WASHINGTON — John W. Magaw, the acting director of the Federal Bureau of Alcohol, Tobacco and Firearms, say s he is determined that other religious cults will not develop into armed compounds the way the Branch Davidians did in Waco.

“They’re out there,” Magaw said in a wide-ranging interview in his office at ATF headquarters last week. “They don’t yet have the kind of weaponry that we saw in Waco . . . but they will develop if society allows them to.”

Magaw said the ATF is currently keeping tabs on cult-like organizations in “three or four places around the country,” but declined to be more specific. “We’re trying to monitor way early in the game,” he said.

The ATF’s efforts include consulting with religious scholars and cult experts, something the bureau failed to do before mounting a disastrous raid on the Branch Davidian compound.

“We need to talk to people about cults or religious groups of this type,” Magaw said. “Find out what their history, their background, makeup. And not only listen, but hear what is said.”

The ATF raided the Branch Davidian compound on Feb. 28 in an unsuccessful attempt to arrest the leader, Vernon Howell, for alleged federal firearms and explosives violations.

Four ATF agents were killed and 16 were injured in the raid, which led to a lengthy standoff between Howell, also known as David Koresh, and his followers and the FBI, which took over the operation from ATF.

The seven-week standoff ended when fire erupted in the compound as the FBI was trying to inject tear gas into one of the buildings with an armored vehicle.

Magaw was named by Treasury Secretary Lloyd Bentsen to replace ATF Director Stephen Higgins in September, when the Treasury Department issued a highly critical report on the Waco tragedy.

Magaw recently completed a series of visits with ATF agents who were involved in the Branch Davidian raid.

Magaw said a number of agents in the Dallas, Houston and New Orleans offices are “emotionally hurting,” and the bureau has offered them counseling and, if necessary, transfers to other parts of the country.

“But the healing process really has started,” he added.

He said the ATF would share “the lessons of Waco” with other law enforcement agents, including the need for better relations with news media attempting to cover an operation of the magnitude of the Waco raid.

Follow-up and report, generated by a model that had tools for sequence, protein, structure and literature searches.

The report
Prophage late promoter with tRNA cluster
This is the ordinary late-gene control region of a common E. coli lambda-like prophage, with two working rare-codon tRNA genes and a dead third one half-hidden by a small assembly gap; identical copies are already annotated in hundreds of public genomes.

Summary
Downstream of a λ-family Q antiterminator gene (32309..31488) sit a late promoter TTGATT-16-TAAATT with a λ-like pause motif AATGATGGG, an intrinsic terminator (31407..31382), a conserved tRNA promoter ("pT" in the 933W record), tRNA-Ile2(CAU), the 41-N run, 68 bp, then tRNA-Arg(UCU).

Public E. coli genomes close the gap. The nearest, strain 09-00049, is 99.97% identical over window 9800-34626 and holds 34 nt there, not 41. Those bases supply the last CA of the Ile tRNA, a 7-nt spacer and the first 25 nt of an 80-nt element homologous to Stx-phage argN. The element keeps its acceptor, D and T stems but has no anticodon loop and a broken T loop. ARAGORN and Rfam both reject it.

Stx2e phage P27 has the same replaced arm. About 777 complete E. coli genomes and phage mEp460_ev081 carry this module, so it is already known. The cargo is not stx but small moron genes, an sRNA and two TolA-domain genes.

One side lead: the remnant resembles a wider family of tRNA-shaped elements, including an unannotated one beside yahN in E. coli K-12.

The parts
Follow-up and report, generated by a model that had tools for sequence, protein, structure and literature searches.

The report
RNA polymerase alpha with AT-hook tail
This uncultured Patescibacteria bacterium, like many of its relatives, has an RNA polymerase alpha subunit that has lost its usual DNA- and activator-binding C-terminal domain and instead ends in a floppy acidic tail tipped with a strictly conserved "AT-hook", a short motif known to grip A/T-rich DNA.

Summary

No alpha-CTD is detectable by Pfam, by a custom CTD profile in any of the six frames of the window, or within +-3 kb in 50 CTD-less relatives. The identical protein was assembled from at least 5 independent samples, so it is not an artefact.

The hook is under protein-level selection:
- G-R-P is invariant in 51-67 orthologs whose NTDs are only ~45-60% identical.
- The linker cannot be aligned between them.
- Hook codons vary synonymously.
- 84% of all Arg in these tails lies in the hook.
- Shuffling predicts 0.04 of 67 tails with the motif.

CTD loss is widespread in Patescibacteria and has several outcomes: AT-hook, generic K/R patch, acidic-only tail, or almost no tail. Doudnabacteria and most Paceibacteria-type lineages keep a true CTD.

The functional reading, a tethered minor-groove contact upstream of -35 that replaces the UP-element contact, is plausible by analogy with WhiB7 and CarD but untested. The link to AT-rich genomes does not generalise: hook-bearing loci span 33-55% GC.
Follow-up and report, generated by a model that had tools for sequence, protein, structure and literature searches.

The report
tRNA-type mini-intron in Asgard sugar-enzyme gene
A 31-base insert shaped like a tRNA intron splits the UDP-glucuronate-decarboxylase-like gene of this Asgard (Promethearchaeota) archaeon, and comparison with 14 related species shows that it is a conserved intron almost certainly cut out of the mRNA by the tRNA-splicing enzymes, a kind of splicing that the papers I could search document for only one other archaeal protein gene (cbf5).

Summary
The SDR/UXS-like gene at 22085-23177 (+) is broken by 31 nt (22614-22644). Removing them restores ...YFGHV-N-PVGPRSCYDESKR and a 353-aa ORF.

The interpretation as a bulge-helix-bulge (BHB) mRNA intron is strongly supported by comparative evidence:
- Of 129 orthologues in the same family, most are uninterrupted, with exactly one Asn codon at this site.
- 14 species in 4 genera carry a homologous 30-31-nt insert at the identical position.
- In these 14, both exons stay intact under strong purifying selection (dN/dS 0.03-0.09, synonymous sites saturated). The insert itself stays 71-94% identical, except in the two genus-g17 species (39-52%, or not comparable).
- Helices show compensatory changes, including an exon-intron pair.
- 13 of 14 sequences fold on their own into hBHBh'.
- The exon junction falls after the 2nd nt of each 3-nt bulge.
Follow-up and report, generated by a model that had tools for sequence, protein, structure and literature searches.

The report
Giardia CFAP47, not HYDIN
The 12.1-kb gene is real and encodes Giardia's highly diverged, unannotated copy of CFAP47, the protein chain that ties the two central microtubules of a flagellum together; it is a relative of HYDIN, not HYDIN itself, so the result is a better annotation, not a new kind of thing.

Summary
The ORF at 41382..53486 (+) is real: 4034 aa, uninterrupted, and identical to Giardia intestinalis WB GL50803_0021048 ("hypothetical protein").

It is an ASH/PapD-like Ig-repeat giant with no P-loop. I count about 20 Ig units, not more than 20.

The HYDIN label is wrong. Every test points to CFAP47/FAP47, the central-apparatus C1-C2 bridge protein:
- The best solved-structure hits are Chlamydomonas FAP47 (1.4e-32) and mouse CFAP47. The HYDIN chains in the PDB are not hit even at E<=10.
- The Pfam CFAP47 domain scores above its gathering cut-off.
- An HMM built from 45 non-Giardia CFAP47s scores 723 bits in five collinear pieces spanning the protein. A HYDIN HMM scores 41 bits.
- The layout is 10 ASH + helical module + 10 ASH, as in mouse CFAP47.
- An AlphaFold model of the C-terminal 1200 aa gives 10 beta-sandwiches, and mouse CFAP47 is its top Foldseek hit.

“There was a lot of criticism of the press in Waco,” he said.

“But part of that is our fault . . . We didn’t have any particular place for them. We didn’t have any guidelines. We didn’t have daily press briefings like we should have.”

Read the Tribune-Herald's 7-part investigative series on the inner workings of the Branch Davidians. Hours after Part 2 appeared in print, the ATF raided the group's compound.

Read the Tribune-Herald’s account of the ATF raid on the Branch Davidian compound on Feb. 28, 1993. Four ATF agents and six in the compound were killed in the gunfight.

Read the daily news accounts of the 51-day siege at the Branch Davidian compound near Elk, which began Feb. 28 and lasted until April.

April 19 and beyond: FBI agents began inserting canisters of tear gas into the Branch Davidian compound in the early morning hours. By noon, it was on fire.

Federal officials left the compound site in late May 1993. As identifications of bodies continued, questions about the survivors, the compound and the cult itself began to emerge.

As the world began to take a critical look back at the events and legal proceedings continue, the ATF's bombshell report forces a shakeup at the top after the raid gone "tragically wrong."

In 1994, the surviving Davidians went on trial in San Antonio. Over six weeks, more than 140 witnesses testified, with the verdict coming just two days prior to the anniversary of the ATF raid.

The Rodenville shootout and the 1988 trial, the end of the world in 1959 and more stories from deep in the Trib archives.